On the face of it, file-swapping and telephony have little in common. But both, it turns out, can be implemented using “peer-to-peer” technology, in which PCs connected to the internet via broadband connections organise themselves into a network. It is then possible to send data, whether media files or phone calls, from one PC to another efficiently. Many of the lessons that Mr Zennstrom and Mr Friis learned from building the file-sharing system behind KaZaA–in particular, the idea that some computers should act as “supernodes” to speed the transfer of data–could thus be applied to internet telephony through Skype. The supernodes, for instance, help to eliminate the delays and drop-outs that can plague internet telephony.
[…] Mr Zennstrom thinks that merely linking traditional and internet-based phone systems is an inelegant halfway house. He is more radical, believing that all calls will migrate to the internet and be provided via software alone, with no need for any dedicated infrastructure. Telephony will be another free internet service, like e-mail and web browsing are today. (Skype plans to make money by charging for extras such as voice-mail, call waiting, multiple lines and calls to the few die-hards who stick with pre-internet phones.) If he is right, the traditional fixed-line voice business will shrivel and die, and telecoms incumbents will be reduced to selling broadband access, and little else.
[…] As with KaZaA, it may be that Mr Zennstrom has correctly identified an important trend, but that the software he has written to exploit it will not ultimately prevail. If so, he and Mr Friis will have to find another industry that is ripe for disruption using peer-to-peer technology. If you are a chief executive in a stodgy, old-fashioned industry, watch out.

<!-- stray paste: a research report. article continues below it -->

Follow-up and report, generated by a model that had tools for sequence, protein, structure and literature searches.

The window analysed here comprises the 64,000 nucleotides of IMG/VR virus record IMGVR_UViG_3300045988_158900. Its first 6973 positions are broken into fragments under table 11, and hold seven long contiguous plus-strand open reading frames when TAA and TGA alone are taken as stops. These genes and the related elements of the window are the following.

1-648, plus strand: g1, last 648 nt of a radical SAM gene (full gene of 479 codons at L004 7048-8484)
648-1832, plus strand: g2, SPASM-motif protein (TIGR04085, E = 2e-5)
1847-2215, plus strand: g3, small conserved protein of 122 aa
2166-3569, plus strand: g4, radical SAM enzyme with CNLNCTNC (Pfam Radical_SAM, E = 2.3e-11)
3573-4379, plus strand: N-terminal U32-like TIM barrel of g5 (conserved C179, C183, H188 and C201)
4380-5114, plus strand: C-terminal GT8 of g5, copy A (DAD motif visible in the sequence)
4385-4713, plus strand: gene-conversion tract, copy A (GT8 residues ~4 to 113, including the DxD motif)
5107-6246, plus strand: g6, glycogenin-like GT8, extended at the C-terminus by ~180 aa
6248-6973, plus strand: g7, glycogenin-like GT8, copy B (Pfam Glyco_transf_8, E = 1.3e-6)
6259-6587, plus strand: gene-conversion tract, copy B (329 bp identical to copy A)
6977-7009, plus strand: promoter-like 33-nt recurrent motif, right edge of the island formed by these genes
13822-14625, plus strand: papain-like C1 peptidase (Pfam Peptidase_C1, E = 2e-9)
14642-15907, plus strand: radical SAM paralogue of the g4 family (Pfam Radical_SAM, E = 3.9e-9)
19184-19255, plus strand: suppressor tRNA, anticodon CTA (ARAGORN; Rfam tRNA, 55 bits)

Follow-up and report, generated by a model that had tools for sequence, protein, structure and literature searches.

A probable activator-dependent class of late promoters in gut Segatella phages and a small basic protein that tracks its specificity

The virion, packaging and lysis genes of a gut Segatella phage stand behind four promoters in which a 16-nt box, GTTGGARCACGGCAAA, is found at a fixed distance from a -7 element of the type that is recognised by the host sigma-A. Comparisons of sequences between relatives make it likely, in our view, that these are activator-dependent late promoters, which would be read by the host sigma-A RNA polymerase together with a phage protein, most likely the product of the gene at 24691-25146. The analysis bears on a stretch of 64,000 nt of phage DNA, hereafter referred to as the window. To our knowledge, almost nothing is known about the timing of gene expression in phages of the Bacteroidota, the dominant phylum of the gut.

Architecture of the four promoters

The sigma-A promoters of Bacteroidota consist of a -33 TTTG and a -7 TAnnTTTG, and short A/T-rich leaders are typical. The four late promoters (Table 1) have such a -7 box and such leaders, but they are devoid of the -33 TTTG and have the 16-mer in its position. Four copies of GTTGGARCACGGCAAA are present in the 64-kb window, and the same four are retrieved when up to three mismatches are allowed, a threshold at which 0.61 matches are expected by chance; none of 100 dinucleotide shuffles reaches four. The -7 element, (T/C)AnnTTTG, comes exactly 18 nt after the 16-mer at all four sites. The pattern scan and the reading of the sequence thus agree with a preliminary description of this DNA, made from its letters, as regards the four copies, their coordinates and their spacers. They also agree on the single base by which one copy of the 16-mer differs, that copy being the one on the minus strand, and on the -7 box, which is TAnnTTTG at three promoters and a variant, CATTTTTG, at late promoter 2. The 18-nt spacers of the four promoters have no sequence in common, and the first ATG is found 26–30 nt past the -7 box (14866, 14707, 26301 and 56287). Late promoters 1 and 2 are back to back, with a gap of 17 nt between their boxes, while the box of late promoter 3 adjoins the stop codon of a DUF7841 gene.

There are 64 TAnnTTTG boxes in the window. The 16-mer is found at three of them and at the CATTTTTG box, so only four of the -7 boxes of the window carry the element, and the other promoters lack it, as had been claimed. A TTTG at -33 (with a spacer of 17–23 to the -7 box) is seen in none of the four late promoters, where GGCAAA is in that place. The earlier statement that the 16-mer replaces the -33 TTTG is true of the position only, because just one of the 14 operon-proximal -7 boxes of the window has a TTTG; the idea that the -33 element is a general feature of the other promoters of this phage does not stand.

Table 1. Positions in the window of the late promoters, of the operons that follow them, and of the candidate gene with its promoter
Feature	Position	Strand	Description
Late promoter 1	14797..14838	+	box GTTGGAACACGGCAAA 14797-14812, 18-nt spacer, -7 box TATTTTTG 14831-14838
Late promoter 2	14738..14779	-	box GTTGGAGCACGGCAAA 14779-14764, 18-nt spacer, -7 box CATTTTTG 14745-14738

The PR push is on for wireless entertainment networks, with careful removal of the DRM features from the promo: Home WiFi setups handle music and movies, too
The most commonly used technology for wirelessly networking home computers, WiFi, is quickly being adopted for another, less work-related use: home entertainment.
Traditional computer component and networking companies like Microsoft and Linksys are tweaking their product lines to include devices that beam music files and pictures all around the house.
And electronics makers are increasingly including WiFi receivers in standard home appliances like televisions and stereos, giving consumers the ability to listen to any song or view any photo stored on the home computer from any room in the house.
Today’s Boston Globe profiles Alastair Rampell, the founder of DidTheyReadIt: Software has some seeing red
DidTheyReadIt allows users to track the e-mails they send, alerting them when a message is opened by its recipient — and even reporting on how long the recipient looked at it, and offering a rough geographical guess about where he is located. The service is either subtle or surreptitious, depending on your point of view. It’s nearly impossible to tell that an e-mail you’ve received is being tracked by DidTheyReadIt.
[…] In writing about the May launch of DidTheyReadIt, most of the news media opted to play up the fear factor, neglecting to observe that there were other companies, like ReadNotify, that had been offering a similar service, and Microsoft’s Outlook includes a receipt function. Few stories pointed out that most spammers already use a technique similar to DidTheyReadIt to know whether you’ve received their e-mail.